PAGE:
Newport Beach Film Festival Review: ‘The Estate’

Greetings again from the darkness. I’ll admit that during the pandemic, I haven’t been as selective on the movies I choose to watch as during “normal” times. Heck, I have more available time and I enjoy watching movies, so why not relax the standards a bit? This approach has worked out just fine. Until now. This is the first one to bite me and have me questioning why I agreed to watch and review it.

For most of those involved, it’s their first foray into a feature film, or at least their first in a primary role. Director James Kapner’s resume is filled with music video shorts, and writer Chris Baker has previously only written for his own video shorts. This is also Mr. Baker’s first starring role in a feature film. He plays George, a spoiled, young gay man willing to go to any lengths to ensure his life of luxury. Eliza Coupe (“Happy Endings”) co-stars as Lux, George’s stepmother, who is equally spoiled and also willing go to any lengths to ensure her own life of luxury.

The film begins with a title card stating, “This is a true fable”. It might best be described as a parody of the elite rich and their self-centeredness. George’s father and Lux’s husband is the target of their animosity. Played by Eric Roberts, Marcello has little energy for either son or wife, though he allows them to live in one of his many mansions. As a movie lover of many years, I have my own ‘Eric Roberts Rule’. It states that there is a 98% chance that any movie featuring Mr. Roberts will be overboard cheesy, and likely to generate multiple eye-rolls. Eric Roberts is the best thing about this movie. You should know that the Eric Roberts rule only kicked in about 30 years ago (prior to that he was legit), and he currently has more than 60 new projects in various stages of production. The man is nothing, if not prolific.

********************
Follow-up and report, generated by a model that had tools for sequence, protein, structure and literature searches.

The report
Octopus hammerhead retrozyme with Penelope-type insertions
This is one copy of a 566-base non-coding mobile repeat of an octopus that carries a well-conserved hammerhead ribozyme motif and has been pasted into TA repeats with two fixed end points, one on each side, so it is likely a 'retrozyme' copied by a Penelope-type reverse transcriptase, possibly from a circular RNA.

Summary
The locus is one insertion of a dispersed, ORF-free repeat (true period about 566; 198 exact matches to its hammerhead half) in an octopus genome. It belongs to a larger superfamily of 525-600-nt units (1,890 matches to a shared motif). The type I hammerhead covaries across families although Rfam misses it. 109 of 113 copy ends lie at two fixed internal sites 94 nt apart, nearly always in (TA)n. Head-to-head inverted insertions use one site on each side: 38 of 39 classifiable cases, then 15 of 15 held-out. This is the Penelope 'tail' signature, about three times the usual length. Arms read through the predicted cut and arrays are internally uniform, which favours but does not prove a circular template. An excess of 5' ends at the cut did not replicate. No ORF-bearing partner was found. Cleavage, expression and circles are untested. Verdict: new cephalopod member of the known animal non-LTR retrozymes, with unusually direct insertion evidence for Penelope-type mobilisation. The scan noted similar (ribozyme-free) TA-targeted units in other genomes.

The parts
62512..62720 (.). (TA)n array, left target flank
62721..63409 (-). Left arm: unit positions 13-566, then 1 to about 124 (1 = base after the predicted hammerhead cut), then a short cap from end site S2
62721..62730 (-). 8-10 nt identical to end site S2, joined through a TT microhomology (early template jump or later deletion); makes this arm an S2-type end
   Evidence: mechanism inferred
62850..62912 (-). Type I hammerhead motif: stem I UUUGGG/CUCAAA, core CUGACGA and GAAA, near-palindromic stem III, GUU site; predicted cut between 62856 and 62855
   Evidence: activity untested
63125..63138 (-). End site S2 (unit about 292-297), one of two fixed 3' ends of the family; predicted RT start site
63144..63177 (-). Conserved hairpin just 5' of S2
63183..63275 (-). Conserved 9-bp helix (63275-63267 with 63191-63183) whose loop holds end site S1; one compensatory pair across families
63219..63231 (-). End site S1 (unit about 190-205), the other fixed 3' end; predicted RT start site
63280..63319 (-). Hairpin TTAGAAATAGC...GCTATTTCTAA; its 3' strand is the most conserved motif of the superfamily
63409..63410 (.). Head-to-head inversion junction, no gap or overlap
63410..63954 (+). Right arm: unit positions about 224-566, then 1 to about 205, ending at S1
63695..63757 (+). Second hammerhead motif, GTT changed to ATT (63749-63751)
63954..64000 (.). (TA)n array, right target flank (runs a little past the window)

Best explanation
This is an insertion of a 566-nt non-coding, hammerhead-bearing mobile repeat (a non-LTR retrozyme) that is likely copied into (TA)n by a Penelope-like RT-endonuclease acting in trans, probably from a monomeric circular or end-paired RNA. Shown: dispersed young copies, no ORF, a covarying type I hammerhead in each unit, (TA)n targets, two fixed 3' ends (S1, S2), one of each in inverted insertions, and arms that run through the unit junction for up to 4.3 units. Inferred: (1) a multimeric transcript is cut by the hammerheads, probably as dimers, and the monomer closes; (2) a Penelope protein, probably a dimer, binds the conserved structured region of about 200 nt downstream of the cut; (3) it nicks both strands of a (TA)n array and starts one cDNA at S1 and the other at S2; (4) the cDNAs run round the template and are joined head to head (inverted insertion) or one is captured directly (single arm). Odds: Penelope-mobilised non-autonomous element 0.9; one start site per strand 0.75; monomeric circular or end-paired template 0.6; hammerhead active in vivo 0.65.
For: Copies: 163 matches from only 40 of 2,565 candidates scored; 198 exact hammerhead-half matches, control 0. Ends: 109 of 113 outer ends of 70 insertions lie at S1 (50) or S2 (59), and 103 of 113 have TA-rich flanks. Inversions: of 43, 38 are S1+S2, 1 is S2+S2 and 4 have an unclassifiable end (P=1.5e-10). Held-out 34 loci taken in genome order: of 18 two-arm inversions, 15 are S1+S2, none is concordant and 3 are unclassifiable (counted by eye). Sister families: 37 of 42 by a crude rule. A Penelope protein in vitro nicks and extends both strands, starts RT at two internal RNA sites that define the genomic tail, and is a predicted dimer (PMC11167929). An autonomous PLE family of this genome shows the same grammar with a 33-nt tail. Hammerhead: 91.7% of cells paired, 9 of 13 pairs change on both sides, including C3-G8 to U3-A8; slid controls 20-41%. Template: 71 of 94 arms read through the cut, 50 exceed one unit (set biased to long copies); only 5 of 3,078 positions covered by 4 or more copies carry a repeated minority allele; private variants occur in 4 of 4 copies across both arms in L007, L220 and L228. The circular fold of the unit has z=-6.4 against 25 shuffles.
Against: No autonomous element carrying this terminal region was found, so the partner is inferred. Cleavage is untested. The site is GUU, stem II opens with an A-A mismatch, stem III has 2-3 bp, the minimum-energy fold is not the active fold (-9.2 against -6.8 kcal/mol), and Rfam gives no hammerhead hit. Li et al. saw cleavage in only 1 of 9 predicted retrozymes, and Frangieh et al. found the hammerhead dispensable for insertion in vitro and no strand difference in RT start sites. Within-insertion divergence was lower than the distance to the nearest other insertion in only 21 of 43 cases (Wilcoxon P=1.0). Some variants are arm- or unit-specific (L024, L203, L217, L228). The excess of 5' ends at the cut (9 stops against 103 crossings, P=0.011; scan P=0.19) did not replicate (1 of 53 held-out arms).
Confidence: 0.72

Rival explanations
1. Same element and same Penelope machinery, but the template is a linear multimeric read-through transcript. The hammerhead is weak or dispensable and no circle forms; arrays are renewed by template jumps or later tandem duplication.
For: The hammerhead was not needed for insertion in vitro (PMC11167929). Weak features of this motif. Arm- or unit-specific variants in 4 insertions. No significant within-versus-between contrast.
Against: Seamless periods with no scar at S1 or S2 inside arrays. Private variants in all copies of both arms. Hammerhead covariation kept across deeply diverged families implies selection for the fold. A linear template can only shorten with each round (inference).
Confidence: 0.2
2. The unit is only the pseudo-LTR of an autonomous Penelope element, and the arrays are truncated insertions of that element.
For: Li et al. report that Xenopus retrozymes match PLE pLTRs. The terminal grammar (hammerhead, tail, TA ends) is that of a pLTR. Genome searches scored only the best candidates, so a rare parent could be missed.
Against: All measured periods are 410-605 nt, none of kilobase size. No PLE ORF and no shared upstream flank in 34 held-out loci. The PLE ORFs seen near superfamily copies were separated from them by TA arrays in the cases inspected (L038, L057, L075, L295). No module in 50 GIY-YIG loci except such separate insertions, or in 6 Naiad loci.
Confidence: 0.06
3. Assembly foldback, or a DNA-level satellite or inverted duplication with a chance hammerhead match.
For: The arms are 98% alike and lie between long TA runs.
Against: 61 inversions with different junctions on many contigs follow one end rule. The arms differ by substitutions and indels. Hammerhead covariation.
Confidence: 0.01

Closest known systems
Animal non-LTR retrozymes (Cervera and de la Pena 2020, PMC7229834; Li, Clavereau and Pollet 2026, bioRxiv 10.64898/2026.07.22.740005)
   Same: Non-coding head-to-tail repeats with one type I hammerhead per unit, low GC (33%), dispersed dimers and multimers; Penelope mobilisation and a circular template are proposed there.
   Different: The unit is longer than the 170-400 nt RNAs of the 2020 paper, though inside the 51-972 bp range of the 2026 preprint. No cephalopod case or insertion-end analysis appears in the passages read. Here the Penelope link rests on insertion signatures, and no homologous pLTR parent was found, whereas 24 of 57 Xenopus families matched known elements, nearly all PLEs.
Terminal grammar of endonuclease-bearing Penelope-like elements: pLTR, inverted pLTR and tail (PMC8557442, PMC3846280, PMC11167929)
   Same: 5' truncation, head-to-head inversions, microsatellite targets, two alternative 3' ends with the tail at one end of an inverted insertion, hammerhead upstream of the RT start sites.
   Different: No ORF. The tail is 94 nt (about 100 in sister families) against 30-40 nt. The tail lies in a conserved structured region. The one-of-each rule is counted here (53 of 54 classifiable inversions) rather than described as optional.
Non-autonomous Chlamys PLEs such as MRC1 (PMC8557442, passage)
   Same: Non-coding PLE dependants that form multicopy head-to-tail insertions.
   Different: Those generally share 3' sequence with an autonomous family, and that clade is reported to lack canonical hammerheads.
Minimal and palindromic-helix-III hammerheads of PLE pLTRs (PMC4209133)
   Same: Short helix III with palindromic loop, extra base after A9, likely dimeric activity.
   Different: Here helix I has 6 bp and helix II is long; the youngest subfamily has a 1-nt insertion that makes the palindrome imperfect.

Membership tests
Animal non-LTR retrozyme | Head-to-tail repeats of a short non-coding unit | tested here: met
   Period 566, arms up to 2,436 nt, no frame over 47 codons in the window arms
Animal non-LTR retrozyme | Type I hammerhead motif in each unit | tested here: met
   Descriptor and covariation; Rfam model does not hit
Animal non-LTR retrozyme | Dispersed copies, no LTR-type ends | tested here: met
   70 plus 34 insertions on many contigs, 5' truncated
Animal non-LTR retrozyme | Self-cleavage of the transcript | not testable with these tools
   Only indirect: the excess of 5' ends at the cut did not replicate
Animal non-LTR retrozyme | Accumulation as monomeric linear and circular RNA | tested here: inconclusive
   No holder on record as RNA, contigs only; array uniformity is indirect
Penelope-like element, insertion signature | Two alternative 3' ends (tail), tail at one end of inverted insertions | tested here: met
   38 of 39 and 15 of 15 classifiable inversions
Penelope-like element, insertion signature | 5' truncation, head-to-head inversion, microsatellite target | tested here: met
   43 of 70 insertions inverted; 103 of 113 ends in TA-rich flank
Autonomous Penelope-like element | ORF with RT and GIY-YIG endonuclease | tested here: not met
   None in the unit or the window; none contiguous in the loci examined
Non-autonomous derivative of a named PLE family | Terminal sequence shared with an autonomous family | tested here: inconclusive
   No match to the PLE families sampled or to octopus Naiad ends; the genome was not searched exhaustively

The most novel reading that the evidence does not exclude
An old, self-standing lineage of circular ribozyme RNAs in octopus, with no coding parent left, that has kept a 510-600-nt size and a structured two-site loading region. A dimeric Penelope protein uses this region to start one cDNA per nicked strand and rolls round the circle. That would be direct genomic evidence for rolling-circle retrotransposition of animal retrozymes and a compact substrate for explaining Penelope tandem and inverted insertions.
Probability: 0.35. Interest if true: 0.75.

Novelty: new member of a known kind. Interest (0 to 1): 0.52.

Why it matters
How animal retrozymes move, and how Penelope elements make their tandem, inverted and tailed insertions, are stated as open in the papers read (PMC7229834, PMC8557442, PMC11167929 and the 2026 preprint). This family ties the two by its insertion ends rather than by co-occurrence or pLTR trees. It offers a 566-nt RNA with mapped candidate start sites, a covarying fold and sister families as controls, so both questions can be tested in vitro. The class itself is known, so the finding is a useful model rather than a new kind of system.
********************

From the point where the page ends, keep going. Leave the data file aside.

Things get twisted pretty quickly as Joe (Greg Finley) teams up with Lux and George in a plot to kill Marcello, and reap the rewards of his estate. There are also a couple of quick scenes featuring the always quirky Heather Matarazzo as Mary, the office clerk at Marcello’s Attorney’s office. More of Ms. Matarazzo would certainly have helped. Instead, Joe and George dominate the screen, as Lux is pushed from center stage. A TV interview with George is used as a framing device, which is unfortunate, as it destroys any hope of mystery throughout.

As a parody of rich, white privilege, it’s somehow lacking in outlandish moments – which seems incredulous to even write, given the premise. The humor is sparse, but a couple of lines really connect. As Joe is discussing his background, he states “Assassin is too political. I’m a hitman.” Lux, with all sincerity states, “We are white and rich. We can kill one guy.” It’s this type of commentary and dark humor that the film needed more of. Still, we can’t miss the obvious … families can go sideways and life goals can go wrong. But if we are going to enjoy watching, it requires more than the Eric Roberts Rule.

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